The pain smarted in his skin, and he glared at himself in the mirror. And then stopped worrying about the pain, and leant forwards, just in time to catch the glint of gold in his pupils disappear.

He turned away from the sink, and began to pack some clothes together.

Mr Abrams dropped his adopted son at the coach station and saw him on to the coach for Los Angeles. "Call us. When you get to LA and when you arrive at this hotel place. We'll worry."

"I'll be fine, Dad." Connor hugged his father. "Honest. Now, bye."

* * *

He stood outside the Hyperion Hotel for a long time before going in. It seemed an absurdly large building. He examined the business card for another time, and wondered what a private detective was doing working for a hotel. Or in a hotel. He took a deep breath, and walked forward, and through the doors.

The lobby was huge and quiet, shadowed from the afternoon sunlight. Connor dropped his bag on the floor, the thud echoing through the room, and a face popped up from behind a counter.

The girl – no, woman, he corrected himself – was slightly built and had masses of brown hair tied back off her face. "Hi! Welcome to Angel Investigations. We help the helpless? Are you helpless? Do ya need help? Because we can give it to you." She paused. "Can I help?"

Connor found himself smiling at her words, tumbling out over each other in a strong Texan accent. "I hope so."

The woman came out from behind the counter. "Hi. I'm Fred Gunn." He shook hands with her. She frowned at him. "Y'all seem awf'lly young to be here by yourself."

"I'm looking for someone."

"Oh. Where did you hear about us? 'Cos, we don't really do that sort of work."

"I got this." Connor held out his card, and she took it from him. "And …"

He stopped, and turned towards the staircase that evidently led to the bedrooms of the hotel. He heard the footsteps before he saw their owner, but they were not loud footsteps. And something tugged at a corner of his heart as the man came into view, shrugging a black sweater over his head. A young man, probably younger than Fred Gunn, who turned a second later than he did.

"Hey! Angel. There's a young man here lookin' for someone. Do we do lookin' for people?"

The man addressed as Angel looked up from the red carpet of the staircase, and his eyes fell on Connor. There was a small silence.

"Not normally, no."

"There!" The woman pulled another card out of her pocket. "You should try Wheatley's. They're really good, they take the cases we don't handle."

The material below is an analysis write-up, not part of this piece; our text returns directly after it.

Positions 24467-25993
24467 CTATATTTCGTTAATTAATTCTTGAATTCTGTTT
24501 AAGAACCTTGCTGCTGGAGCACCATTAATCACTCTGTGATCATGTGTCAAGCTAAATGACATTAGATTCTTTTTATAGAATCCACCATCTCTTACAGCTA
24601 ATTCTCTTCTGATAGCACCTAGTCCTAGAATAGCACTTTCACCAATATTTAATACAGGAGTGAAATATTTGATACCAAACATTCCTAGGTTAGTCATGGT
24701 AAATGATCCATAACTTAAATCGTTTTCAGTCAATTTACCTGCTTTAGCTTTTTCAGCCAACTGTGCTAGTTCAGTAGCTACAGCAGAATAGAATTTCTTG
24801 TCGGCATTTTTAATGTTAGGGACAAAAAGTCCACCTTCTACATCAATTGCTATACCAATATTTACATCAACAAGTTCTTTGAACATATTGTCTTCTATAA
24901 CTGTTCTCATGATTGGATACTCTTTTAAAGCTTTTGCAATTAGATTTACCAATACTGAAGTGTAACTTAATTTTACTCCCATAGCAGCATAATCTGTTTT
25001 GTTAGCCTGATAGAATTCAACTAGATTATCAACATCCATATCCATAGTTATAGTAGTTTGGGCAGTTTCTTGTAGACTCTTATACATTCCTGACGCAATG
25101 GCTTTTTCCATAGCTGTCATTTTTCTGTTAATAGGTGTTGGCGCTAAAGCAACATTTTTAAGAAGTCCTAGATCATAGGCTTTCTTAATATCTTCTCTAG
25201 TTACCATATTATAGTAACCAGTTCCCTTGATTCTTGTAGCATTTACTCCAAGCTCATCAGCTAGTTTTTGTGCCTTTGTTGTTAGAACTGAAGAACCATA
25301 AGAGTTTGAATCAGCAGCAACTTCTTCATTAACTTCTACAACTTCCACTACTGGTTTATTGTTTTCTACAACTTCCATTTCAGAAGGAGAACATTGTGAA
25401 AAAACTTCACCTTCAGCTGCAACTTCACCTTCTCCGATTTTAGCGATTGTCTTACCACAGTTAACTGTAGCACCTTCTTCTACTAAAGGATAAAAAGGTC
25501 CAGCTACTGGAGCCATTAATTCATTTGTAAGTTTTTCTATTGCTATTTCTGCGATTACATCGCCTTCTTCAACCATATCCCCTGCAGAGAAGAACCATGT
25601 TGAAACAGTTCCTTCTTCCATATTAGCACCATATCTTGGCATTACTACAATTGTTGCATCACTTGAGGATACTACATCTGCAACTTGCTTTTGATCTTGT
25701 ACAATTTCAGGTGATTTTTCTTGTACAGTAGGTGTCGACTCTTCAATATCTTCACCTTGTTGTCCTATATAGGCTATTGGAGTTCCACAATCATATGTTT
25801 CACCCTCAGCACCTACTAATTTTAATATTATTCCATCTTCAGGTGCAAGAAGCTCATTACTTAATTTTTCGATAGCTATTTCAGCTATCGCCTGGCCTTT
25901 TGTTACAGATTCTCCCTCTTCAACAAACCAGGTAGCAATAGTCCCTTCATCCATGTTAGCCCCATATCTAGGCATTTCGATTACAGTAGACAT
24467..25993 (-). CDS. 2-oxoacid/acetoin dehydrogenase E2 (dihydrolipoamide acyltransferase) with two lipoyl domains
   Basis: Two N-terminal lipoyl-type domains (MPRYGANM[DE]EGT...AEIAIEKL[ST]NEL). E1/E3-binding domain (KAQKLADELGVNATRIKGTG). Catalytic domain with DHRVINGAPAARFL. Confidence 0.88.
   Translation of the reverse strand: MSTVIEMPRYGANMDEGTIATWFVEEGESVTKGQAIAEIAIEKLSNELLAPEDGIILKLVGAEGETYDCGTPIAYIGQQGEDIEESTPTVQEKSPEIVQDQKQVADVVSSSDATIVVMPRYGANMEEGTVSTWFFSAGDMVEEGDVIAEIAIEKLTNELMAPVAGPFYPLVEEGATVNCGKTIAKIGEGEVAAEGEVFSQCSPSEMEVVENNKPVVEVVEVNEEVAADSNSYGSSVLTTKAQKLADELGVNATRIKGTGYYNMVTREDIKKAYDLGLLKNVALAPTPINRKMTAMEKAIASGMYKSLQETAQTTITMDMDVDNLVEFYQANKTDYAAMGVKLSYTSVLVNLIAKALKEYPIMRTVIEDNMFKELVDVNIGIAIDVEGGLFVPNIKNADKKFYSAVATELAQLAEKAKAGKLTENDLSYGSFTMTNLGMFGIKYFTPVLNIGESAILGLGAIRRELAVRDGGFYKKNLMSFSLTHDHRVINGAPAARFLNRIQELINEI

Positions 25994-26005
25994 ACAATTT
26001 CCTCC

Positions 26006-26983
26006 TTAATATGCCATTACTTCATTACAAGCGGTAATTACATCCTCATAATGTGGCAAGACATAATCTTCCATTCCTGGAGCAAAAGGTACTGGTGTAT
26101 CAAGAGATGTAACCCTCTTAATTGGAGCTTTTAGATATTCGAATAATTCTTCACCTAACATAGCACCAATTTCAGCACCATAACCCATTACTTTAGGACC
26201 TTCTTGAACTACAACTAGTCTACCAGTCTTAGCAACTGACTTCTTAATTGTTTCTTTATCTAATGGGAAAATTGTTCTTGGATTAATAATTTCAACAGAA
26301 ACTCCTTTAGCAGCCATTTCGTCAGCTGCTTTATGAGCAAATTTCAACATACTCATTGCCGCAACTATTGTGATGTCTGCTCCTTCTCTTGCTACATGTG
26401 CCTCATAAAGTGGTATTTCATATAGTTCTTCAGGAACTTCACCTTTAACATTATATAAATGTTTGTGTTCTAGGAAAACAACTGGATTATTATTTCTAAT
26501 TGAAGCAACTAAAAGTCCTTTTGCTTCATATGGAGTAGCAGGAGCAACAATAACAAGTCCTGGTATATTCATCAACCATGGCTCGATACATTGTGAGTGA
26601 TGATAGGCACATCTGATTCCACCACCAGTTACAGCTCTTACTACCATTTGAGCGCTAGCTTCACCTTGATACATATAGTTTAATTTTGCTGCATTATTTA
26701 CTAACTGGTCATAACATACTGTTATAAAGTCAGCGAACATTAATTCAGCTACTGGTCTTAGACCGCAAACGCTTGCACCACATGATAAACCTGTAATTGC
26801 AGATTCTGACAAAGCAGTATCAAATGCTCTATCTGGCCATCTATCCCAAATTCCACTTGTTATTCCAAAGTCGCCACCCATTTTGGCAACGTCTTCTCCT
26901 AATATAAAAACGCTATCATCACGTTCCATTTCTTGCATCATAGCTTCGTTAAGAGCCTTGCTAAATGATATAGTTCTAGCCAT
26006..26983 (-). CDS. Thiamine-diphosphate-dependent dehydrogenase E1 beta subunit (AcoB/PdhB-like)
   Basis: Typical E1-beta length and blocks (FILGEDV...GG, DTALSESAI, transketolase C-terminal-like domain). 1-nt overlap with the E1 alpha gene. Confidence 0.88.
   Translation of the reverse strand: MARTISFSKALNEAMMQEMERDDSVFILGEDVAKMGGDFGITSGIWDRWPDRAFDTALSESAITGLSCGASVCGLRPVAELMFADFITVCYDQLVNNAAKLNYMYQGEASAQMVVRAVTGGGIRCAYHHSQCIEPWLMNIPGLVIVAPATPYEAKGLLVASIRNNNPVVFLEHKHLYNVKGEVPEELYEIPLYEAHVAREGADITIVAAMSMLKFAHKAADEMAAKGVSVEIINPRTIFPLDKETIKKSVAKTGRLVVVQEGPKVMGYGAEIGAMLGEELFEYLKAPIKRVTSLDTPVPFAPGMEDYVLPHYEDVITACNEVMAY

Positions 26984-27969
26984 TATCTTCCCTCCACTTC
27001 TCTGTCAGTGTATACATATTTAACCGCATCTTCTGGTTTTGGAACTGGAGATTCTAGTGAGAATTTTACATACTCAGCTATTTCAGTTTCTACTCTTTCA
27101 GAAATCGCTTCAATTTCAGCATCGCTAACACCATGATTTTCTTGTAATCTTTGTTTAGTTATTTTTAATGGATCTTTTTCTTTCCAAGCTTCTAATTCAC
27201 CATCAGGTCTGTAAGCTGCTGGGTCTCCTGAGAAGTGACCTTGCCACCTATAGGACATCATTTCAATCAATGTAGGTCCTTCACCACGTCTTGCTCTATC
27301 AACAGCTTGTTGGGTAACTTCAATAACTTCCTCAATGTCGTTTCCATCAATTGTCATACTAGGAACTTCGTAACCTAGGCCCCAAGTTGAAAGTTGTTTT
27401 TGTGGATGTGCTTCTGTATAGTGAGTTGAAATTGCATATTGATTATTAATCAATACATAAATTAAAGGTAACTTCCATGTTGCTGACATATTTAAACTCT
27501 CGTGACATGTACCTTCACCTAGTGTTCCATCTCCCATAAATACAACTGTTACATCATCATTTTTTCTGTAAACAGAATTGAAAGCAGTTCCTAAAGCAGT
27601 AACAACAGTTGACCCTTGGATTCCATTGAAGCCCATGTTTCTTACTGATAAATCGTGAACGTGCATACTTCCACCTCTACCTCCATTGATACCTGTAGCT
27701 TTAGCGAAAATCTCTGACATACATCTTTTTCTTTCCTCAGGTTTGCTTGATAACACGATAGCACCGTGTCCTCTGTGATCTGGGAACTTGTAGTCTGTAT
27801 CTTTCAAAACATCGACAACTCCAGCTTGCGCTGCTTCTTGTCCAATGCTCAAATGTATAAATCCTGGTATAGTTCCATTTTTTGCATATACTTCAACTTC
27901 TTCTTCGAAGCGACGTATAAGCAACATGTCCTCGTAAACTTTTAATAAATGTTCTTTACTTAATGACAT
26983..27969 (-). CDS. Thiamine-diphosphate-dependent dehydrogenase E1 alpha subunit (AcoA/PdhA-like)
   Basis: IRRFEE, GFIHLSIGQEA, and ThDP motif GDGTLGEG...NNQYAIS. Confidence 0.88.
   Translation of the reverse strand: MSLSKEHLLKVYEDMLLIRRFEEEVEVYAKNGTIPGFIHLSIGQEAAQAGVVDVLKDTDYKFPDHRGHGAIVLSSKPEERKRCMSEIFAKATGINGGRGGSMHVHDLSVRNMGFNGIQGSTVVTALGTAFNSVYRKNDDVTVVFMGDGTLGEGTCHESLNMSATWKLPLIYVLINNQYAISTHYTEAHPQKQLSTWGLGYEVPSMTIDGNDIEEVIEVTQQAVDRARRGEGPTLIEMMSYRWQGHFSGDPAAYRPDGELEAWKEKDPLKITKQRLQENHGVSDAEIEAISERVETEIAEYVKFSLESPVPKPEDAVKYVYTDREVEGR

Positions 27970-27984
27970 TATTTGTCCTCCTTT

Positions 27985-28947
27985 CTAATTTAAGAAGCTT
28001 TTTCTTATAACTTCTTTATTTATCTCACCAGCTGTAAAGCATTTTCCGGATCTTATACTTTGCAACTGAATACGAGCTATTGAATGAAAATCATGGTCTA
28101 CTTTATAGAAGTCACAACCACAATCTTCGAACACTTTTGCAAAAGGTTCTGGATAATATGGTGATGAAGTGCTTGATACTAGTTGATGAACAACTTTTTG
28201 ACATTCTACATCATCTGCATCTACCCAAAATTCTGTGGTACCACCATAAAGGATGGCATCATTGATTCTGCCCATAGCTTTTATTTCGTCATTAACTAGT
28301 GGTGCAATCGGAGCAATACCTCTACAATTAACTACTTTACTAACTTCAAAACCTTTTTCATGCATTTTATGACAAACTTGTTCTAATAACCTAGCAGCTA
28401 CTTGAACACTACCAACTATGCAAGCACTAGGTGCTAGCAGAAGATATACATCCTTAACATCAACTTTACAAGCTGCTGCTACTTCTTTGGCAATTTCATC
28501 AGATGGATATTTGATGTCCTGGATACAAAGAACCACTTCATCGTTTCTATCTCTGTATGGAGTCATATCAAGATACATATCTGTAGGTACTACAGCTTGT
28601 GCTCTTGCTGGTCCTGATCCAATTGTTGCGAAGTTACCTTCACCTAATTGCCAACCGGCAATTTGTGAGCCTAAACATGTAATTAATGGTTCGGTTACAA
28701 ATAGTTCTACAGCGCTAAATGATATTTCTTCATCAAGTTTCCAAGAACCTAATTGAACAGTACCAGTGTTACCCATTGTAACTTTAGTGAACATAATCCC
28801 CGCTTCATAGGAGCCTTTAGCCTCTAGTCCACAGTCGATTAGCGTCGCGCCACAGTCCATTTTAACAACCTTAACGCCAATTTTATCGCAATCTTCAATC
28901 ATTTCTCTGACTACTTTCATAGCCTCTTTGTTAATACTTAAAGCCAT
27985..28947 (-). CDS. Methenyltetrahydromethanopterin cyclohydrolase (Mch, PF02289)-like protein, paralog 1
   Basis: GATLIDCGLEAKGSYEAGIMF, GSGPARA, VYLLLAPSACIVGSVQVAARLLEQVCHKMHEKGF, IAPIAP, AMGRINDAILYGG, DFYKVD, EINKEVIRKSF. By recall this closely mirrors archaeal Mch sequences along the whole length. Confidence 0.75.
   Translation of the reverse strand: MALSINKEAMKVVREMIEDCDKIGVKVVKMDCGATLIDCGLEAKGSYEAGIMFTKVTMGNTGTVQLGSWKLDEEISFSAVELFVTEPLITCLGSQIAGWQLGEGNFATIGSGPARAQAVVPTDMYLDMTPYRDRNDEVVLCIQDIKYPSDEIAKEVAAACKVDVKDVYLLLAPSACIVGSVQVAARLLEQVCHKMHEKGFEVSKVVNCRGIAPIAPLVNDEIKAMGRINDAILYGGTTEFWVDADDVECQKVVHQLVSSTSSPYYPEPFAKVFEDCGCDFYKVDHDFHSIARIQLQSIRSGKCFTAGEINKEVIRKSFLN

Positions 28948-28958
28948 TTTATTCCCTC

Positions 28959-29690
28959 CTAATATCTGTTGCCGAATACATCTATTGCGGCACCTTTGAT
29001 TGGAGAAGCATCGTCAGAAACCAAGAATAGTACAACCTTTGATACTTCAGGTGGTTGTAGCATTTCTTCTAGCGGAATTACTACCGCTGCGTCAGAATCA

"I'm looking for my father," Connor said, still watching the young man on the stairs. "My name's Connor Abrams."

There was dead silence in the lobby. Fred Gunn was doing a good fish impression, her mouth open wide, as she glanced between Connor and Angel and back again. Angel himself seemed frozen, his fists clenched tight.

"Can you help?" Connor asked, to break the silence.

The man relaxed enough to come the rest of the way down the stairs and across half the lobby. He paused a few metres away from Connor, his dark eyes fixed on the boy intently. "How did you know to come here?"

"I just found out I was adopted," Connor said. "I had an accident, and they wanted to know my blood type. So I wrote to the agency and they sent me this letter, and the card with this address on it. Can you help?" he repeated.

"Do you have the letter?" the man called Angel asked, his voice soft. Connor fumbled in his bag and fished it out.

"Here."

Angel took it, and glanced at it briefly before handing it back. "Thank you." He turned to Fred. "Fred … offer him something to drink. Please?" He waited for her to nod and then turned on his heel and disappeared through a door.

"D'ya want a drink?" Fred asked, dutifully.

"Just … coke?" Connor said. He waited as she went to a fridge and bent down to retrieve a can, and brought it back to him. He opened it, and drank, and lowered it to catch her staring at him. "What?"

"Nothin'." She turned away and pretended to busy herself at her desk.

"What?" Connor crossed the lobby to the counter. "What's going on? I come looking for my father, and I get soda?"

Fred looked up, her eyes bright. "Angel's very good at his job."

He leant on the counter and watched her type. "I'm not saying he isn't. I just want to find my dad."

"He'll …" Fred began, but the door to the hotel opened just then and she broke off.

"Fred!" A tall, good-looking black man rushed across the lobby and swung the slight woman in his arms. "Hell, girl, you're lookin' great."

A slim, elegant woman followed the man, dumping down a selection of shopping bags. "Hey, Fred."

"Cordelia." They hugged.

Connor looked from one to the other and back again. "Cordelia," he said. The elegant brunette turned to him.

"Yes? Who're you?"

Fred stood on tiptoes and whispered in her ear, and Cordelia's eyes went wide. "Really? What?" She lowered her voice. "What did he say?"

"He's in the office."

"Oh." Cordelia frowned. Then she smiled. "Idiot." She came around the counter. "Let's look at you." She took Connor by the shoulders, and then suddenly bent and hugged him. "It's a cliché, but how you've grown!"

"You know me?" Connor smelt perfume and shampoo. It was comforting.

"Hell yeah!" Cordelia let go of him. "I bought you bears. I changed your diapers." She stood back. "Doesn't he look like his dad?"

Fred and the man frowned. "Kind of, I guess." The man held out a hand to Connor. "Charles Gunn, and I don't reckon you'll remember me."

Connor shook the hand and shook his head. "No, I don't."

"Well, you were only a little bitty thing," Fred said matter-of-factly. "A cute little bitty thing. You smiled lots."

"So why was I given up for adoption?" Connor said, his voice rising. "Who gave me up? Who's my father?"

There was silence as the three adults exchanged glances. Gunn put his hands in his pockets. Cordelia pretended to unpack shopping.

"Um," said Fred.

"It's kind of complicated," Cordelia added.

"It's not really for us to say," Gunn pointed out at the same time.

Connor sagged. He knew that these people knew. He had come all this way. He folded up the letter and picked up his rucksack and put the letter away carefully, hoisting the bag on to his shoulders.

"Well," he said. "Thanks. I guess."

He turned, and started to make his way out of the lobby. Behind him he heard a door open, and rubber soles on the linoleum floor.

"Stop." Connor paused, but did not turn around. There was a moment's silence. Then the voice came again. "Connor. Please – don't go."

Connor turned around, his fingers tucked under the straps of his bag, and faced Angel across the floor.

"I … it was only to save you," the man said. "It was all for your own good." A pause. "My son."